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I have an old 27" road bike in a long, lazy and cheapish process of restoration. I'd like to put 28" wheels on, which requires 4mm longer brake reach. The bicycle used to have fenders and the existing 27" rim is already a bit far from the fork crown (and from the caliper bolt).

I had an idea to try to deepen the fork dropout in order to get the wheel closer to the crown, there seems to be enough space to do that, and still keep enough to get the axle bolt tightened.

Is there any reason I shouldn't do that?

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1 Answer 1

Yes- structural integrity and your own well being. 4mm is a lot of metal to remove in the scheme of things. If I were you I would be looking for a long reach brake caliper instead of modifying the dropout by removing material.

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Especially on a fork where a potential failure would result in a pretty bad crash, even at slow speeds. –  WTHarper Jul 10 '13 at 20:29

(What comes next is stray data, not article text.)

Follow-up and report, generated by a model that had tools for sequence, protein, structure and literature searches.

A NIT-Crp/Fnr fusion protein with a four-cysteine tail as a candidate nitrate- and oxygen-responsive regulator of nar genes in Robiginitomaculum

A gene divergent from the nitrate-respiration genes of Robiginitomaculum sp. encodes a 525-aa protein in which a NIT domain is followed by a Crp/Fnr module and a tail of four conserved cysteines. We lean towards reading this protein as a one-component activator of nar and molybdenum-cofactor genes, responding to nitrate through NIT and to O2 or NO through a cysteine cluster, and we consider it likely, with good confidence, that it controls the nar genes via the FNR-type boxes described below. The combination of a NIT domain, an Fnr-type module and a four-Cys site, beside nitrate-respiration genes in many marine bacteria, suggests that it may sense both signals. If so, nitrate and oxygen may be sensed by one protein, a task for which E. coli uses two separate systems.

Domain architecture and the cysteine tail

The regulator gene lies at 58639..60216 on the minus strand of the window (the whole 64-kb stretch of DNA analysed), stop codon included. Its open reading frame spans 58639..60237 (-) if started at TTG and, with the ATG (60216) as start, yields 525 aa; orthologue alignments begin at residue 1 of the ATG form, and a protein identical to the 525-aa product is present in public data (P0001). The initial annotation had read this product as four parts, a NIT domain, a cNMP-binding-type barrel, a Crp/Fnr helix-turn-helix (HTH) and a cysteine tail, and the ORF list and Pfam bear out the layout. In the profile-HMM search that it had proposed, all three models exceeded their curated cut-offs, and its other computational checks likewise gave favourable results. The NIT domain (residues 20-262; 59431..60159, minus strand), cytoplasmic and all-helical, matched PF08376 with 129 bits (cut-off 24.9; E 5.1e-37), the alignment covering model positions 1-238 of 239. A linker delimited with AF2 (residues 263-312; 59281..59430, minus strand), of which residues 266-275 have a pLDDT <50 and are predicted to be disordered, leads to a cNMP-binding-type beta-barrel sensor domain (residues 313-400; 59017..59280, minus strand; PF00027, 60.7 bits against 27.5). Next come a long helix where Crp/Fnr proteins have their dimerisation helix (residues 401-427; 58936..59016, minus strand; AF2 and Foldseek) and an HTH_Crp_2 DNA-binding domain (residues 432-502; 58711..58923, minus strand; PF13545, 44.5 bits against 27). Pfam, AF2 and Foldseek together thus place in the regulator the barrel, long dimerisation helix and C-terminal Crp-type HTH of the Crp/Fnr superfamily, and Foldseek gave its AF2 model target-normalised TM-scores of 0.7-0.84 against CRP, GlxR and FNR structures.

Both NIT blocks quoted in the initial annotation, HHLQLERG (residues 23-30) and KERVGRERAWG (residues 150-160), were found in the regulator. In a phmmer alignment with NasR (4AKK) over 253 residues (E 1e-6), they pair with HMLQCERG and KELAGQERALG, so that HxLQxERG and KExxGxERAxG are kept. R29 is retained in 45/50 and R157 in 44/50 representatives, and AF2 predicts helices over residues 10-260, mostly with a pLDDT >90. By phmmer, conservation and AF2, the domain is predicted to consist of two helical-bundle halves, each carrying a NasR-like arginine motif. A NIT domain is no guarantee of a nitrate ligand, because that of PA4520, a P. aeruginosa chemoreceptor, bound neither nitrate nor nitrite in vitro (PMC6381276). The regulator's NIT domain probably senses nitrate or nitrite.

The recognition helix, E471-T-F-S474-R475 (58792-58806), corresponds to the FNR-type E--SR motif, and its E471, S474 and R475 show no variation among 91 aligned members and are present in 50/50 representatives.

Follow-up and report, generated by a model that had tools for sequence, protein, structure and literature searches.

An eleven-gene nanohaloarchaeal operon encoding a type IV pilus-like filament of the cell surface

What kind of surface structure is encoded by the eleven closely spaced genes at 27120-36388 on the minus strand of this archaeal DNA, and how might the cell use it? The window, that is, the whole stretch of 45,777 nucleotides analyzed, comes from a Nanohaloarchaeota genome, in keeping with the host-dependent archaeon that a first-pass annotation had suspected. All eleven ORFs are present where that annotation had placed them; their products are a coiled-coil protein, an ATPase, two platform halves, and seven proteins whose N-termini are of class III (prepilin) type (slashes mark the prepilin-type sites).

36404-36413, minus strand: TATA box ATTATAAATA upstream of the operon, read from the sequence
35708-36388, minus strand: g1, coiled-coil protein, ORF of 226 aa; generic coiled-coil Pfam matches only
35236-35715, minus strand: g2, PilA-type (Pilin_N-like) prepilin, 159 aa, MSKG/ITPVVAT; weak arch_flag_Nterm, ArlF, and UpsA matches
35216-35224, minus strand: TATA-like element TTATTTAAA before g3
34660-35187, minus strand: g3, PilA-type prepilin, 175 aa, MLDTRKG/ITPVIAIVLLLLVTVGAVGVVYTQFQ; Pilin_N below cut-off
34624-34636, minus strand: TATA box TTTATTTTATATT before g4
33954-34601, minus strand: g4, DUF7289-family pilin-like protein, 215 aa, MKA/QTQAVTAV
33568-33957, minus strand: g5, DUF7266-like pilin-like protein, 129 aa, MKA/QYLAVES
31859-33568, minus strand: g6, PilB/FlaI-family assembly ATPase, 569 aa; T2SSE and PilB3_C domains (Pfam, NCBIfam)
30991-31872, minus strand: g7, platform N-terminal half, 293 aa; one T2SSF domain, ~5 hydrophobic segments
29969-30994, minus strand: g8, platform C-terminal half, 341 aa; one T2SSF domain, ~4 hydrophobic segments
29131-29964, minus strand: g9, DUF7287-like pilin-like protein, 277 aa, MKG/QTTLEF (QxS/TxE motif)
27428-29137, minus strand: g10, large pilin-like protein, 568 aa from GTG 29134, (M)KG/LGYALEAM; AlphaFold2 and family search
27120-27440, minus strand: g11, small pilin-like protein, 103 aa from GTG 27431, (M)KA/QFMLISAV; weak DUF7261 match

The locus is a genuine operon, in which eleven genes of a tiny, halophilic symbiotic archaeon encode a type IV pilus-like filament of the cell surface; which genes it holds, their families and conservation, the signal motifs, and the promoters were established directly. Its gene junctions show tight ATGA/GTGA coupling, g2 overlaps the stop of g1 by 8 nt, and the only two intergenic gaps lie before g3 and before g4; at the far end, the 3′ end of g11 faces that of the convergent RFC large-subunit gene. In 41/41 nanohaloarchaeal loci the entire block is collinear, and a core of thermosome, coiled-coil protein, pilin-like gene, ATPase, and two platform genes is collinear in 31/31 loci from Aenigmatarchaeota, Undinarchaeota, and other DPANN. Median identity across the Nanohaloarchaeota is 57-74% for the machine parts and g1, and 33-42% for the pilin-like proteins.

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If the above comments aren't enough the likely hood of you modifying both sides identical are slim. The result would be a wheel with a positive camber or tilt that will affect handling. –  mikes Jul 10 '13 at 21:49
    
@mikes also a very good point! –  joelmdev Jul 10 '13 at 22:10
    
@jm2: Well, I am aware that, theoretically speaking, messing with a fork can result in a failure. However, you can't tell that for sure before assessing the particular case, right? As for the symmetry issue, that's valid concern at any case. –  Mladen Jablanović Jul 11 '13 at 8:17
    
Maybe you could add a photo of this particular fork? But if it's not already using long reach brakes, that would seem the obvious answer. –  armb Jul 11 '13 at 9:27

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